Muhammad Asad (formerly Leopold Weiss from Polish/Austria and brought up in a Jewish family) in his monumental commentary of the Quran pointing to this verse observed: “Every verse of the Quran must be read and interpreted against the background of the Quran as a whole. The above verse, which speaks of a possible conversion to Islam on the part of “those who ascribe divinity to aught beside God” with whom the believers are at war, must, therefore, be considered in conjunction with several fundamental Quranic ordinances. One of them, “There shall be no coercion in the matter of faith” (Chapter 2: 256) lays down categorically that any attempt at a forcible conversion of unbelievers is prohibited – which precludes the possibility of the Muslims' demanding or expecting that a defeated enemy should embrace Islam as the price of immunity. Secondly, the Quran ordains, “Fight in God's cause against those who wage war against you; but do not commit aggression, for, verily, God does not love aggressors” (Chapter 2: verse 190); and, “if they do not let you be, and do not offer you peace, and do not stay their hands, seize them and slay them whenever you come upon them: and it is against these that We have clearly empowered you (to make war)” (Chapter 4: verse 91). Thus, war is permissible only in self-defense, with the further proviso that “if they desist – behold, God is much-forgiving, a dispenser of grace” (Chapter 2: verse 192), and “if they desist, then all hostility shall cease” (Chapter 2: verse 193). Now on the enemy's conversion to Islam – it is expressed in: “if they repent, and take to prayer (lit., “establish prayer”) and render the purifying dues (zakat)” – is no more than one, and by no means the only, way of their “desisting from hostility”; and the reference to it in verses 5 and 11 of this surah (Chapter) certainly does not imply an alternative of “conversion or death”, as some unfriendly critics of Islam choose to assume. Verses 4 and 6 give a further elucidation of the attitude which the believers are enjoined to adopt towards such of the unbelievers as are not hostile to them”. (In connection to this see also Chapter 60: verses 8-9) (16).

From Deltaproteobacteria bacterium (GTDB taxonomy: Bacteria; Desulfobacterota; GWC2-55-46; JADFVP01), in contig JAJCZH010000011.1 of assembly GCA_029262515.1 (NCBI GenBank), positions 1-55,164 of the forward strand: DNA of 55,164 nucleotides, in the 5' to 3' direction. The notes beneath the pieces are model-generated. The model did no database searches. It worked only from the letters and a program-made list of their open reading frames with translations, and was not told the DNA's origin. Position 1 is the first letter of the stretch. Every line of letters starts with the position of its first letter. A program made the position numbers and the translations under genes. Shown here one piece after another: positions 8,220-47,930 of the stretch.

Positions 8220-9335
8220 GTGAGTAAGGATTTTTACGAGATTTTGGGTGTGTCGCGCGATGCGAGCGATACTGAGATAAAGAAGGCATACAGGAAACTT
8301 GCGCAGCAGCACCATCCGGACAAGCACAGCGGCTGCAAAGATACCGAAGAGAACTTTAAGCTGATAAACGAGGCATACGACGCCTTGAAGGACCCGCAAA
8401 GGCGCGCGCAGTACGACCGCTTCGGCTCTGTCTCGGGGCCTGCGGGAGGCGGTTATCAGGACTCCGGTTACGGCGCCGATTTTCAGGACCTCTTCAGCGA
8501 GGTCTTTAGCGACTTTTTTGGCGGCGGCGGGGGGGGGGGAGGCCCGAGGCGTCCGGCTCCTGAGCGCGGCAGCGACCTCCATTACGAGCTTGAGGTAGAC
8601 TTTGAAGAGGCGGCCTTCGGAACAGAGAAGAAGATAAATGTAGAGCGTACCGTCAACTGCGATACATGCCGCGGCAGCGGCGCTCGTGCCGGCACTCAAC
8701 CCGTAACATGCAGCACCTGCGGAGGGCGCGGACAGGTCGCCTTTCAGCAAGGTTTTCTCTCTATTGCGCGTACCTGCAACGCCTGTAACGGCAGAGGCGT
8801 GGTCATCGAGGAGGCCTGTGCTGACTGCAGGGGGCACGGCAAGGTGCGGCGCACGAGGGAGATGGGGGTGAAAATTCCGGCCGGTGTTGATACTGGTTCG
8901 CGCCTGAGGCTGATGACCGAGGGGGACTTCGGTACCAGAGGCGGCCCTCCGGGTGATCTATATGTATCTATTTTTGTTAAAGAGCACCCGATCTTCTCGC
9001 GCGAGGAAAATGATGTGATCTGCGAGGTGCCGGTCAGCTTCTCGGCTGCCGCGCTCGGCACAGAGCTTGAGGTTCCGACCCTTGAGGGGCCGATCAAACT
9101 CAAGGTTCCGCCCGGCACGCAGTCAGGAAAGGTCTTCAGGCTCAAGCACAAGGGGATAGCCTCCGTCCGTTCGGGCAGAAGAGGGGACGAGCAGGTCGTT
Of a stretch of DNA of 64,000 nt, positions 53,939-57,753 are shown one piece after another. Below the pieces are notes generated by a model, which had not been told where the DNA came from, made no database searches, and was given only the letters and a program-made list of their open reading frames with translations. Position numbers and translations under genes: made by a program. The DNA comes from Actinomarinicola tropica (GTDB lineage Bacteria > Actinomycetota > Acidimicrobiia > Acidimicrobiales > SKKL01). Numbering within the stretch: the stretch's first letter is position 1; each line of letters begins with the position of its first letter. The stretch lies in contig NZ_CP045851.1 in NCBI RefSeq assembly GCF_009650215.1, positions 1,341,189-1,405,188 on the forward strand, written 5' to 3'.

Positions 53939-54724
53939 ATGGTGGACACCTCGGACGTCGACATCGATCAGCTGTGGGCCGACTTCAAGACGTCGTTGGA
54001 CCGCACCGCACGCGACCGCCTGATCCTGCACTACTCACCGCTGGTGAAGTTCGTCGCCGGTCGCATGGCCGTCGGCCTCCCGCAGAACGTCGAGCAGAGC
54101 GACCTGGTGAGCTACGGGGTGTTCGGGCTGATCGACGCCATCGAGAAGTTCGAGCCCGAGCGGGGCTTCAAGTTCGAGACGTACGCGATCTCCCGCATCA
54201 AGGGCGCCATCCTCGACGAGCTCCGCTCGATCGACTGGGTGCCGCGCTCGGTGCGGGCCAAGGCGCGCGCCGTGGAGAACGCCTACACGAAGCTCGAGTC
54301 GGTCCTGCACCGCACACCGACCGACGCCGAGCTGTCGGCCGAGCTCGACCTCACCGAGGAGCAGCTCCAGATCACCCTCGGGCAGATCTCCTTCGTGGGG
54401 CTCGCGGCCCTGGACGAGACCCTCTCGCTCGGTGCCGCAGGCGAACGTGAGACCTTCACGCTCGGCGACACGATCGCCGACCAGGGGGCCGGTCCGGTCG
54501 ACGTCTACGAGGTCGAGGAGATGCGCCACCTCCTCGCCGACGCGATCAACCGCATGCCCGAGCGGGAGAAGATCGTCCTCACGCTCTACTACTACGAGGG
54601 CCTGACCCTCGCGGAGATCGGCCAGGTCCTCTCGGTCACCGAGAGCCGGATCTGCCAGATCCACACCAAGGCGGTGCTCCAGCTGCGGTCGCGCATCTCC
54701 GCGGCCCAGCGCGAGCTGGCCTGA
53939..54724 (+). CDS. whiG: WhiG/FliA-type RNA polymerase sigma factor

Eminent Egyptian scholar Sayyid Qutub commenting on the verse “Fight in God's cause against those who wage war against you; but do not commit aggression, for, verily, God does not love aggressors” (Chapter 2: verse:190) quoted above pointed out: “War should not be pursued for glory or dominance, nor for material aggrandizement, nor to gain new markets or control raw materials. It should not be pursued to give one class, race or nation of people dominance over another” (17).